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The idea of venturing into the unknown universe and the difficulties it brought forth plagued scientists and researchers as far back as Ancient Rome. Developing a machine able to overcome the vices of gravity was perplexing, and not until the late 20th century did researchers find the answers.

The Space Race began in the late 1950s when the United States, Russia, and Germany were vying to become the first countries to successfully navigate the universe in various ways. The U.S. and Russian missile programs would go on to break incredible ground, with the Soviet Union successfully launching Sputnik 1 into space in 1957. Just four years later, Russian Lieutenant Yuri Gagarin would become the first human being to orbit the planet in the Vostok 1.

The U.S. would successfully launch its first craft, Explorer 1, in 1958. Three years later, Alan Shepard became the first U.S. citizen to fly into space. That same year (1961), John Glenn made history when he became the first American to orbit planet Earth. Not long after that, President John F. Kennedy declared that the U.S. Space Program’s next goal should be to successfully land a man on the moon. While he may not have been alive to see it, that goal was achieved on July 20th, 1969 by Neil Armstrong. A total of six Apollo missions would then be carried out between 1969 and 1972.

The 1960s saw a great number of unmanned spacecraft navigate the moon, taking photographs and observing its unknown surfaces. Just a decade later, we as human beings had landed men on the moon, launched orbiting communications and satellites, and began mapping the surface of Mars. By the late 70s, the Voyager successfully captured images of Jupiter, Saturn, Saturn’s rings, and both of their moons; an incredible feat in such a short period of time.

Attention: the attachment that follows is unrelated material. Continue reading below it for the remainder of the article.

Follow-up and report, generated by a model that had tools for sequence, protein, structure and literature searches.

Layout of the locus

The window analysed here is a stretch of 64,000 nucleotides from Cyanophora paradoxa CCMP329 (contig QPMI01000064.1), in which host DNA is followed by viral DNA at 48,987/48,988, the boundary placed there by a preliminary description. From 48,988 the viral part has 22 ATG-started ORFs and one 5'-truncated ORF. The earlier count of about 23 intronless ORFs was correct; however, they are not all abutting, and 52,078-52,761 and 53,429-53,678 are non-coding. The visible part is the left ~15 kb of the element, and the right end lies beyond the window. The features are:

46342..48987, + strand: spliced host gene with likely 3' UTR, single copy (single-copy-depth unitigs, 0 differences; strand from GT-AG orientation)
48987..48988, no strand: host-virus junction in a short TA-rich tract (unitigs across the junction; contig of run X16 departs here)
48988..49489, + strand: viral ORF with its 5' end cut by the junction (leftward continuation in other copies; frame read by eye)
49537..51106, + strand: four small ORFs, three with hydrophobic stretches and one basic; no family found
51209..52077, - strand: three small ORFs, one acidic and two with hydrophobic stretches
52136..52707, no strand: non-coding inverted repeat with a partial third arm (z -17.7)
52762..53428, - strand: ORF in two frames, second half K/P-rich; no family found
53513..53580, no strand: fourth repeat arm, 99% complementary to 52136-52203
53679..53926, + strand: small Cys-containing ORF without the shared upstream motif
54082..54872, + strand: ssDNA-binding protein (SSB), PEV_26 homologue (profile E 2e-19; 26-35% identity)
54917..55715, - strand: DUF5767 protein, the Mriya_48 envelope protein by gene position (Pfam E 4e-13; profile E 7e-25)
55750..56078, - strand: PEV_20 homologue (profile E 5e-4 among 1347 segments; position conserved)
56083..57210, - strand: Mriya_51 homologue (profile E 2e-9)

By the time the 1980s came around, satellite communications were able to carry television programs and provide these signals to residential areas. It allowed us to better map our planet as a whole, with scientists discovering a hole in the ozone layer above Antarctica, being able to more accurately predict impending weather, and provide us with an even clearer view of the galaxy we reside in.

The Challenger tragedy in 1986 forced America’s space program to take a step back and reevaluate their processes and methods. The launch system set in place was clearly flawed, as seen by this horrible accident. The program’s new goals were to expand and safen this system by having more than one launch method and designing satellites to accommodate for this.

Today, the technology and products developed within NASA seemed impossible just a few decades ago. Talk of populating the moon or Mars and creating livable environments on each is now being discussed, as well as creating newer, better mobile spacecraft able to navigate the harsh weather of most planets, much like the Mars Rover. The possibilities are endless, and to think where we may be in a few decades from now, seeing as how far we’ve come since the late 20th century, is truly an exciting thought.